Tag Archives: art exhibit

Art Diary 2018 – Week Ending September 7

 

Art Diary. A weekly wrap-up of art activities. For earlier posts, search under the category Art Diary.

Art every day of the week, please!

Saturday, September 1 – Here are photos from yesterday’s take-down of the exhibit at the Gallery at the JCC, Allentown, PA, where my paintings had been for the last couple of months. It’s an anticlimax, really – it’s very quick to take a display apart! We took in our boxes and bags:

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and started to take items off the walls and from the display cases.

Soon everything was neatly packed away.

Empty walls and cases…

We took the tags off the walls and then…the party was over!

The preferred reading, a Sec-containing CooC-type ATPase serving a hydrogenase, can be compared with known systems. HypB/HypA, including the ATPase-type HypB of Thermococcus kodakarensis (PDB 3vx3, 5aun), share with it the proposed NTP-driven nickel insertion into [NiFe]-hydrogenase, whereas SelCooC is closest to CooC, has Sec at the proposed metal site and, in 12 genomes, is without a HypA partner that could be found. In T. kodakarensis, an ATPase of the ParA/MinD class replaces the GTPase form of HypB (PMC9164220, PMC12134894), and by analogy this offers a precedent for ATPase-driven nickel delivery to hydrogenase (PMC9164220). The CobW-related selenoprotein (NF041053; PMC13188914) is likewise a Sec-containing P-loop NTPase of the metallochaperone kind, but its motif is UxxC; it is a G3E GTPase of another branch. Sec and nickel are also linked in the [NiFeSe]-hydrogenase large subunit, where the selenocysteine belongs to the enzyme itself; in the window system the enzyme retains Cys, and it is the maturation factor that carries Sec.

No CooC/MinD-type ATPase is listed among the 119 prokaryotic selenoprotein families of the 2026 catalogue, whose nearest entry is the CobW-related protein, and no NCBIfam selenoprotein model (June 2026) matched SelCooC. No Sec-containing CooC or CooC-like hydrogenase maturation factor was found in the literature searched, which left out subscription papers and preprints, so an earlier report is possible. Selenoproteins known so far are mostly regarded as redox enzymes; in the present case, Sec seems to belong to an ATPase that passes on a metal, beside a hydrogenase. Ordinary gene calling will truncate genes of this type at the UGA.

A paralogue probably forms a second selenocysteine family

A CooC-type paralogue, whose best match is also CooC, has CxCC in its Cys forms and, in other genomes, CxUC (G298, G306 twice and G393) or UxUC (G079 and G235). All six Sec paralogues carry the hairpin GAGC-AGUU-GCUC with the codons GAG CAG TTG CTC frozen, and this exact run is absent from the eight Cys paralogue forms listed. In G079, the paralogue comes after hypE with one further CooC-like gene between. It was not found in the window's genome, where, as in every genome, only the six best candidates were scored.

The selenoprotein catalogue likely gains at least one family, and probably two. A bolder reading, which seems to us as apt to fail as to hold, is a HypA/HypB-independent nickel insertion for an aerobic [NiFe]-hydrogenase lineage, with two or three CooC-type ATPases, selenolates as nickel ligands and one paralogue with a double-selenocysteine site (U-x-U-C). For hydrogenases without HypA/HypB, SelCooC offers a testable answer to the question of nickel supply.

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The arts group here has invited me to participate in their holiday craft show, so…I’ll be back in December.

Saturday, September 1, nighttime – I did some paint brochure drawings – this is a gray-themed group. As you may remember, I often choose an activity like this one for when I am watching TV at night. These brochures are addicting.

Sunday, September 2 – I sat down with a friend to do a planning session.

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I spent a couple of hours or so going through my projects (art and poetry)and working out plans and possibilities I’d like to explore in the next 6 months or so. I do this exercise about every..6 months…I guess, and it helps me to review what I have going on and where I want to go. I wrote it in a notebook and will type it up tomorrow and put it in my studio.

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Then I went down into the basement and cleared out my head by working on a couple of clay cylinder people.